Deep in the Woods at DBS

(Bloomberg Gadfly) -- For DBS Group Holdings Ltd., Southeast Asia's largest bank, the woods of nonperforming assets aren't at all lovely. They're just dark and deep.

Bad loans rose slightly from the previous quarter to 1.5 percent, the bank said in its June earnings report on Friday. The details behind that number, though, are bleak. For one, the NPL ratio shot up by one full percentage point in just three months to 4.6 percent on its South and Southeast Asia portfolio, a reflection perhaps of DBS's soured-loan troubles in India. Also, but for a near-tripling of write-offs in the first half, the S$4.8 billion ($3.5 billion) in nonperforming assets would be considerably higher than a year earlier.

Low oil prices will probably keep credit costs elevated on loans to Singapore's troubled offshore and marine industry, CEO Piyush Gupta said.

Deep in the Woods at DBS

It's hard to see how things can improve in a hurry at DBS: Singapore's property market may be bottoming out, but a strong recovery is not on the horizon. The push into private banking -- the bank bought Australia & New Zealand Banking Group Ltd.'s retail and wealth-management franchise in some Asian markets last October -- is paying off. Trading and equity underwriting remain weak spots, however.

Singapore's short-term interest rates, a benchmark for loan pricing, are failing to keep pace with Libor, hurting profitability. The net interest margin was an anemic 1.74 percent in the June quarter, a 13 basis-point decline from a year earlier.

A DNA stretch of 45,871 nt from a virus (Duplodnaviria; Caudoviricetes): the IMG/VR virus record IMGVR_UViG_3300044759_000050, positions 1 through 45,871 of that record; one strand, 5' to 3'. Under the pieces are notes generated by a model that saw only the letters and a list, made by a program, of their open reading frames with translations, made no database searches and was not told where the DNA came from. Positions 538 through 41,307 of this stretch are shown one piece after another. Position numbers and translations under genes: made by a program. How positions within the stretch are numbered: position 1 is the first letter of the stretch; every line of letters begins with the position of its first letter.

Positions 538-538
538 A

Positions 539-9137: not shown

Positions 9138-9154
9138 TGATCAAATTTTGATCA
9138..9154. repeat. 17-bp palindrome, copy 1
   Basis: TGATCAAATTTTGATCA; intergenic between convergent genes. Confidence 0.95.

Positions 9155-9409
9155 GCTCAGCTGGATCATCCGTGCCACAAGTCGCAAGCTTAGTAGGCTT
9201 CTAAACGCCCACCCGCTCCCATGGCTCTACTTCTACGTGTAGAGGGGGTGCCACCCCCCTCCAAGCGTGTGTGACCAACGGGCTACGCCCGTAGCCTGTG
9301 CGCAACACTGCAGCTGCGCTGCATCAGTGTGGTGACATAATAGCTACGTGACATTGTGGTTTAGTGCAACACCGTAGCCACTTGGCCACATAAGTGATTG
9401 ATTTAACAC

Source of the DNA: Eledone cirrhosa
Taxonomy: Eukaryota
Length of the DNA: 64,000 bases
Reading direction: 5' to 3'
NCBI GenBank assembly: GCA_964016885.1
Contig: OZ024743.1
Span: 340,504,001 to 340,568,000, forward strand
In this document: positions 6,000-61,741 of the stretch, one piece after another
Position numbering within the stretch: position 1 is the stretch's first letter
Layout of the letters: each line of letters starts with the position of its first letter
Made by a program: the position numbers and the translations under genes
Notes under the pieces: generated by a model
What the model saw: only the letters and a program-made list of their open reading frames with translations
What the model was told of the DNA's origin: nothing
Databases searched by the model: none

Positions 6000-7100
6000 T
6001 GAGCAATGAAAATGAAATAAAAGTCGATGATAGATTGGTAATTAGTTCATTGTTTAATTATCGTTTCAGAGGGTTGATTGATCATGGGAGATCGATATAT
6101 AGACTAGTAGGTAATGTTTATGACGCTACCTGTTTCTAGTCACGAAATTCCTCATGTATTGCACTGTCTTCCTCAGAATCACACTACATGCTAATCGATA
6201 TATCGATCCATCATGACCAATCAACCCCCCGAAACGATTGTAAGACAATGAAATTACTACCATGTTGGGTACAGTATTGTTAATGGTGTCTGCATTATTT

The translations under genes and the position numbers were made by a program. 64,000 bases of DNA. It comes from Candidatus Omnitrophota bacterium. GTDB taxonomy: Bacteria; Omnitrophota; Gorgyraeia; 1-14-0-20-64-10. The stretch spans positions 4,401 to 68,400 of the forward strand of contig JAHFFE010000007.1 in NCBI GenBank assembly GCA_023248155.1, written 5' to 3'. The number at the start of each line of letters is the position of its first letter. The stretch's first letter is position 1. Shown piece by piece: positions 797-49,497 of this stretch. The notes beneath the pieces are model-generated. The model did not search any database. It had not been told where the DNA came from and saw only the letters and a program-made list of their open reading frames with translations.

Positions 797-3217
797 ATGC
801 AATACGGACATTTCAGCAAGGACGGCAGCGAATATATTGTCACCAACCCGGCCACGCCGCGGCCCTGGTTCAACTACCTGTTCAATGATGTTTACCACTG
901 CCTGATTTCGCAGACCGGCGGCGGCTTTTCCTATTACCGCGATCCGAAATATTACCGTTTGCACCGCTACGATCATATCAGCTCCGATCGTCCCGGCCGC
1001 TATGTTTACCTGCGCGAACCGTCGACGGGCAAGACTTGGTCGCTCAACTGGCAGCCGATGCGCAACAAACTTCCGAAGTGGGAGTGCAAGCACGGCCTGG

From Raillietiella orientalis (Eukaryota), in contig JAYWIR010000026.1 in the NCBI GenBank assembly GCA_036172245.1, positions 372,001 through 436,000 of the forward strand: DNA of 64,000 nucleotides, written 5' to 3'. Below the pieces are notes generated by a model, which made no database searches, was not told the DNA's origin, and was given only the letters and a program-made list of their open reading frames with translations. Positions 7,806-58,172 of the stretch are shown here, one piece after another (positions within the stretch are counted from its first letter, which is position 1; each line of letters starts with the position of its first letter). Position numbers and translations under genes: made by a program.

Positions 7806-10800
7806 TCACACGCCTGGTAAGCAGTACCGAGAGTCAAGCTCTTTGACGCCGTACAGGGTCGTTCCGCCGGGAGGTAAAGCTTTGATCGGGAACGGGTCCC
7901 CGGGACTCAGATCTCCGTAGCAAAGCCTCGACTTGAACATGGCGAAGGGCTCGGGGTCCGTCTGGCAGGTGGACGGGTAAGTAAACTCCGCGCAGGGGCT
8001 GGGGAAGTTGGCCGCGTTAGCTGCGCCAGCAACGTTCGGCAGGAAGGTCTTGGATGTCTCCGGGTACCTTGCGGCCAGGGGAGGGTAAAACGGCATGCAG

Fintech is the big hope. As the Singapore central bank relaxes rules on lenders owning non-financial businesses, DBS might be able to deploy as much as $3 billion (10 percent of equity) at the intersection of e-commerce and payments to ward off a growing threat from the Chinese tech trinity of Baidu Inc., Alibaba Group Holding Ltd. and Tencent Holdings Ltd.  

Deep in the Woods at DBS

Investors who've pushed the Singapore lender's shares to an 18-year high should be a trifle disappointed by this year's 10.6 percent return on equity. That's double that of Standard Chartered Plc, the other big bank to be roiled by a blowup in Asian emerging markets. Still, at 1.24 times, DBS's price-to-book ratio is slightly lower than that of Oversea-Chinese Banking Corp., the No. 2 Singapore lender by assets.

In the short run, Gupta can retain investors' trust by boosting the annual dividend payout ratio from 36 percent. Beyond palliatives, though, he needs to chalk up a few percentage points on the return-on-equity odometer before he can sleep -- or at least hang up his boots.

This column does not necessarily reflect the opinion of Bloomberg LP and its owners.

Andy Mukherjee is a Bloomberg Gadfly columnist covering industrial companies and financial services. He previously was a columnist for Reuters Breakingviews. He has also worked for the Straits Times, ET NOW and Bloomberg News.

To contact the author of this story: Andy Mukherjee in Hong Kong at